“Kony 2012” (2012) is a 30-minute video by film-maker Jason Russell of Invisible Children, a White American charity. It went viral on YouTube in March 2012 with tens of millions of views in a matter of days. It is part of their campaign to make Joseph Kony, a Ugandan guerrilla leader, famous to the American public in order to maintain support for the current American policy of helping Uganda find him and bring him to justice.
Most Americans had no idea who Joseph Kony is. They knew about the child soldiers in Africa – it has become a stereotype of how “Africa” is – but not who might be doing it. The Economist and PBS have certainly talked about Kony at length, but it is unclear whether, say, ABC News or most American newspapers have.
As the video informs us, Kony and his guerrilla force, the Lord’s Resistance Army (LRA), takes children from their homes in the middle of the night. If you are a boy he puts a gun in your hands and makes you into a killing machine, making you kill even your own parents. If you are a girl he makes you into a sex slave. He has done this to 30,000 children.
What the video leaves out or fails to make all that clear:
- The war in Uganda ended six years ago – all those pictures are from 2003.
- Kony is no longer a huge issue in Uganda – he left in 2006.
- Kony is a shadow of his former self with only 250 soldiers spread out over a region the size of Britain. He might even be dead.
- The 30,000 is a 30-year career total.
- The armies of four African countries are out to get him and have asked America for help.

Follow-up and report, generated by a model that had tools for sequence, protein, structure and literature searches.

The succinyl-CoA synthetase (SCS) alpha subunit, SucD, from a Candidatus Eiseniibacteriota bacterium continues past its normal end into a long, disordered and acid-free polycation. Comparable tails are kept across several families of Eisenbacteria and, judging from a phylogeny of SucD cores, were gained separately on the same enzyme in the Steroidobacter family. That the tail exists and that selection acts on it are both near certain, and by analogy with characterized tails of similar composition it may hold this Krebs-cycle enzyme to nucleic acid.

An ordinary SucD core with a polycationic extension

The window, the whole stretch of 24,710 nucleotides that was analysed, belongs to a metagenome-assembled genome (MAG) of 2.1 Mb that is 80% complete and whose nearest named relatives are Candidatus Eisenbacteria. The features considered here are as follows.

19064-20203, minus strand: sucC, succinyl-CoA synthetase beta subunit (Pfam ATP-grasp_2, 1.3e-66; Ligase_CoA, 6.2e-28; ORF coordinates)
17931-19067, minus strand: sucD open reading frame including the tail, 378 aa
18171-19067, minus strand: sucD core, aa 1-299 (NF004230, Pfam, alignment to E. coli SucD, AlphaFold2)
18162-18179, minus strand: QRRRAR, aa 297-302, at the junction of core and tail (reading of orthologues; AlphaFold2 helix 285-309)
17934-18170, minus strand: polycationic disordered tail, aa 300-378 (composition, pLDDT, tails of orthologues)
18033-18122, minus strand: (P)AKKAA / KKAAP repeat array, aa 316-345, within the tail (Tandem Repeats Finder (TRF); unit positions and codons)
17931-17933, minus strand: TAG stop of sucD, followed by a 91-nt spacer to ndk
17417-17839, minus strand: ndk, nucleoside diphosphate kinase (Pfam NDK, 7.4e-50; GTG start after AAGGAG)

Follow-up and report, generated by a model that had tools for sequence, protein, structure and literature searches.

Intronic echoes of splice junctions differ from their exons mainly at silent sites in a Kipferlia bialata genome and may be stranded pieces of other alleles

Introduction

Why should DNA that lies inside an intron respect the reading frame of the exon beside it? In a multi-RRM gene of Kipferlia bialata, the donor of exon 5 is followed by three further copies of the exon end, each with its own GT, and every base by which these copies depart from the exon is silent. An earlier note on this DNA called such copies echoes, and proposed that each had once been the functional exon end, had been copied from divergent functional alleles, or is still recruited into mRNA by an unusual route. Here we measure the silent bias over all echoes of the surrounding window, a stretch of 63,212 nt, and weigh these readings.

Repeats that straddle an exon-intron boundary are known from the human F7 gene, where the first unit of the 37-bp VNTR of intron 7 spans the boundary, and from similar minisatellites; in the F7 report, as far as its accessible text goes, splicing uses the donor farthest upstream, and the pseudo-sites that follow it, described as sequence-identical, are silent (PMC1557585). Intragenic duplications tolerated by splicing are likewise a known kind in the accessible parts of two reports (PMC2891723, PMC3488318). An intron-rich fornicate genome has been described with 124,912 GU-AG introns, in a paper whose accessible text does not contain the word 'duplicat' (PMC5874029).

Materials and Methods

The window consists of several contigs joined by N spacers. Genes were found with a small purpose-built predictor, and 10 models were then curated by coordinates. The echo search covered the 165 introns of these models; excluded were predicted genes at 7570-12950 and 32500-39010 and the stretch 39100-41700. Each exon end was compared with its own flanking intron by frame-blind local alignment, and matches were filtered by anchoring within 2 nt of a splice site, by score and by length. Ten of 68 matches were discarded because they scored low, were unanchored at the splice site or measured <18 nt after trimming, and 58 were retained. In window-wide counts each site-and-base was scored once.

- America did little about Kony till oil was discovered in the region, making him into a threat to “American interests” (the safe flow of oil).
- President Bush helped Uganda to try to get Kony – before Invisible Children (and 20 other NGOs) began heavily lobbying Congress.
Russell positions himself as the hero of the piece when in fact he does not even have a Wikipedia article.
But to his great credit, instead of wringing his hands about child soldiers he points out someone who is to blame and what action ordinary Americans can take to help stop him.
The video is very White American:
- Storytelling: bad guy/good guy
- Tropes: White Saviour/Helpless Darkies:
- White Americans as selfless do-gooders
- Black Ugandans as helpless – or evil
- Stereotypes: Broken Africa
- Product placement: Facebook, YouTube
- Consumerism: this stuff in a box that will make life better!
- The hard sell: Act now! This is a limited-time offer!
The video sells an Action Kit. You get a booklet, buttons, posters, stickers, a T-shirt and a bracelet.
But wait, there’s more:
White Americans, at no extra cost, get to help black people overseas to show how good and selfless they are – while maintaining their own caste position at home!
- kony2012.com – the website. It has a very good copy of the video
- The Broken Africa stereotype
- Mighty Whitey– the White Saviour trope
- darkies – people of colour viewed through the lens of white power
- well-meaning whites and the white man’s burden
- dichotomous thinking
- The Business of Saving Africa
- guerrilla warfare
- American Empire